The Problem and Its Backgrounds
Mild forgetfulness and memory delays are often part of the normal aging process. Older individuals simply need more time to learn a new fact or to remember an old one. We all have occasional difficulty remembering a word or someone's name; however, those with Alzheimer's disease will find these symptoms progressing in frequency and severity. Everyone, from time to time will forget where they placed their car keys; an individual with Alzheimer’s disease may not remember the purpose of the keys. Its starts in memory problems that interfere with daily living and steadily worsen and gradually aggravates with having difficulty managing money, driving, orientation, shopping, following instructions, abstract thinking and finding the right words. There may also be other problems, such as poor judgment, emotional instability and apathy. Most people whose lives have been touched by Alzheimer’s disease provide support to their loved ones.
The major risk factors for AD areag e and family history. Other possible risk factors include a serious head injury and lower levels of education. Scientists are also studying additional factors to see if they may cause the disease. Some of these factors include:
• Genetic (Inherited) Factors: Scientists believe that genetic factors may be involved in more than half of the cases ofAD. For example, a protein called apolipoprotein E (ApoE) may be important. Everyone has ApoE, which helps carry cholesterol in the blood. However, the function of ApoE in the brain is less understood. The ApoE gene has three forms. One form seems to protect a person from AD, and another form seems to make a person more likely to develop the disease. Scientists still need to learn a lot more about ApoE and its role in AD.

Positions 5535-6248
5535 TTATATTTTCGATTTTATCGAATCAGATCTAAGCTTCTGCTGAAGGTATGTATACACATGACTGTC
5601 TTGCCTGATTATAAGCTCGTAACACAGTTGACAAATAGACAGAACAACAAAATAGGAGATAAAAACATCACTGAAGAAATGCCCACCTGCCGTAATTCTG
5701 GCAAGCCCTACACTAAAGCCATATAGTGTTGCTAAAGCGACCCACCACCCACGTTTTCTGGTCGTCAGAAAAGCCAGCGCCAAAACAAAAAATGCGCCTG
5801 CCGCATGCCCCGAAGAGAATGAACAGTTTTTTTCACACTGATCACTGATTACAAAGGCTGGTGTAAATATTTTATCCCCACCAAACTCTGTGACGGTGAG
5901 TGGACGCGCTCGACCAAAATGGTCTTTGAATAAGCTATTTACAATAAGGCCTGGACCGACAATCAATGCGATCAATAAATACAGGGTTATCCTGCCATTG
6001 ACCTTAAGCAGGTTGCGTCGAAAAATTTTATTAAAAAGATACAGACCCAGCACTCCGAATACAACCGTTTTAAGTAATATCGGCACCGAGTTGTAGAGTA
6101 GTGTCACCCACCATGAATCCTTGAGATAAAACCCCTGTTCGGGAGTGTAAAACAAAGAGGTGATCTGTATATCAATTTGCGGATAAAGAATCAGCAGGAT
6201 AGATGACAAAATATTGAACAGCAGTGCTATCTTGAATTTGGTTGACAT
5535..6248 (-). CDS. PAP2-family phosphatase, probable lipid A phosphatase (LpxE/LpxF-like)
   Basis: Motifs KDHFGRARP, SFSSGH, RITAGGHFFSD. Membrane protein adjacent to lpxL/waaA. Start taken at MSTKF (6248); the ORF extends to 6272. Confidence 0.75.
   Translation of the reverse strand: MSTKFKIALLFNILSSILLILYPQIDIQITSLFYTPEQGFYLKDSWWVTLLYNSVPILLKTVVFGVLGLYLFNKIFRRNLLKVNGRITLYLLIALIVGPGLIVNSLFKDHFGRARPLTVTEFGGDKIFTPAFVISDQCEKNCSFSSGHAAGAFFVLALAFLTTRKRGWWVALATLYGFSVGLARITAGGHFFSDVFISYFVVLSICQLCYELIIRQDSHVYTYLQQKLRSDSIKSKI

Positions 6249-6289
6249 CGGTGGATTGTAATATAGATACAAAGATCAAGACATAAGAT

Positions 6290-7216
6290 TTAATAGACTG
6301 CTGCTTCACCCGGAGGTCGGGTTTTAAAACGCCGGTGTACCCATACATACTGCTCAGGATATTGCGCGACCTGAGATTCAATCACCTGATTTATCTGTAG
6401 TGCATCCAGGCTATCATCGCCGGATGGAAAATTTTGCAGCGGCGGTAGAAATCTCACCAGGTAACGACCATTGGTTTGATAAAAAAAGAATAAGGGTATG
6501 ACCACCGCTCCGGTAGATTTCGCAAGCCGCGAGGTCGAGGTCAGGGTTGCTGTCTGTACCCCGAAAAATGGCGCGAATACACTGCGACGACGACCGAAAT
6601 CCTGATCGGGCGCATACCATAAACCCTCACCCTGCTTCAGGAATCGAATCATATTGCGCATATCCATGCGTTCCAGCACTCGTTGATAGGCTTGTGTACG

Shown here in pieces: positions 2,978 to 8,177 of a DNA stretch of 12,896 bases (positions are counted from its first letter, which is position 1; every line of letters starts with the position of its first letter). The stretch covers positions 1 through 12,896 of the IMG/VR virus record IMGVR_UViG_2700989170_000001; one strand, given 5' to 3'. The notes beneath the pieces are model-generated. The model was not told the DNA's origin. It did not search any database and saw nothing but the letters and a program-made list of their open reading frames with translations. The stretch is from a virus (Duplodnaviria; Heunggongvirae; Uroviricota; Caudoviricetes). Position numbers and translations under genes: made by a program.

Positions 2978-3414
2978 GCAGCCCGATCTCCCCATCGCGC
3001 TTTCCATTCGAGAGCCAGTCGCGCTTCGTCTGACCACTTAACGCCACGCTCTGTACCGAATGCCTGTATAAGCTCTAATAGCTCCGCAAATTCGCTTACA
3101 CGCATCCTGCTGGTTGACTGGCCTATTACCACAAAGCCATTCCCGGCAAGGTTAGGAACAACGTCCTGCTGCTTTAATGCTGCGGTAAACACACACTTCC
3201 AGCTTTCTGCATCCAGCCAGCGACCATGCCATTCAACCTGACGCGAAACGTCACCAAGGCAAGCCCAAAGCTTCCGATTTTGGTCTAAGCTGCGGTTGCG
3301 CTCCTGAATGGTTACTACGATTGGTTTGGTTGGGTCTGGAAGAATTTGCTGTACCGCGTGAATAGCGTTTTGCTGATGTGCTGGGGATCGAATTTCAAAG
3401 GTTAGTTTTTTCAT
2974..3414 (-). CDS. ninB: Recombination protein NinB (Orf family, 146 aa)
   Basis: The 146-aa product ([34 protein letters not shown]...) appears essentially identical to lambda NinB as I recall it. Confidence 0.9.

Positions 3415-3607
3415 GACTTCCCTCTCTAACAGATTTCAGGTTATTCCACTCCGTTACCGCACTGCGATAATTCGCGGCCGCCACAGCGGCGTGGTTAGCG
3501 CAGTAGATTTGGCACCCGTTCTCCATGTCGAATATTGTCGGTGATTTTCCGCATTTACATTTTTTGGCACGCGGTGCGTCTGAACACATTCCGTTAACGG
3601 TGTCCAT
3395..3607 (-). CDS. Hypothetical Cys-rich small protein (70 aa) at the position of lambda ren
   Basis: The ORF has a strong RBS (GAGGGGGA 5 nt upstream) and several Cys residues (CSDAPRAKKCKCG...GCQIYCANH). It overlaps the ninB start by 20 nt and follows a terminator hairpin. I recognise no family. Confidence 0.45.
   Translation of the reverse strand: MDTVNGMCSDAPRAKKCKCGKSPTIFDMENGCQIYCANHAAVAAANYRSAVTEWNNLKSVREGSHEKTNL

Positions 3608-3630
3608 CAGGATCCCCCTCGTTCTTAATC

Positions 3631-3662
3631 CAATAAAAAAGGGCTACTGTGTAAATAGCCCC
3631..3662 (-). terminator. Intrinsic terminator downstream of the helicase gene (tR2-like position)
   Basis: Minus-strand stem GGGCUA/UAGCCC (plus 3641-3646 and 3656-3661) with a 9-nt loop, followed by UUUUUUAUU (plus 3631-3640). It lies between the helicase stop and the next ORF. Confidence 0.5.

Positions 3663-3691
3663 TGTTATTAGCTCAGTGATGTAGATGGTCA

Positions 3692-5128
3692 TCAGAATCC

• Environmental Factors: Scientists have found aluminum, zinc, and other metals in the brain tissue of people with AD. They are studying these metals to see if they cause AD or if they build up in the brain as a result of the disease.
• Viruses: Some scientists think that a virus may cause AD. They are studying viruses that might cause the changes seen in the brain tissue of people with AD.
AD probably is not caused by any one factor. It is more likely to be several factors that act differently in each person. For example, genetic factors alone may not be enough to cause the disease. Other risk factors may combine with a person’s genetic makeup to increase her or his chance of developing the disease.
Alzheimer’s disease is often called a family disease, because the chronic stress of watching a loved one slowly decline affects everyone. Comprehensive treatment must therefore address the needs of the entire family. This includes emotional support, counseling, and educational programs about Alzheimer’s disease for individuals and family members as they strive to provide a safe and comfortable environment at home.
Through training, caregivers can learn how to control unwanted behaviors, improve communication, and keep the person with Alzheimer’s safe. Research has shown that caregivers benefit from training and support groups and that participation in these groups allows caregivers to care for their loved one at home longer. The resources listed at the end of this fact sheet can help you find classes and support groups.
The role of the caregiver changes over time as the needs of the person with AD change. The following suggestions can help caregivers prepare for the future.
Conceptual Framework/ Theoretical Framework
Most of the social and economic burden of Alzheimer’s disease is attributable to its consequences in terms of disability. The main pathway leads from pathology to impairments, functional limitations and disability. Pathologies are expressed by impairments in specific cognitive processes. Functional limitations are limitations in generic cognitive tasks such...
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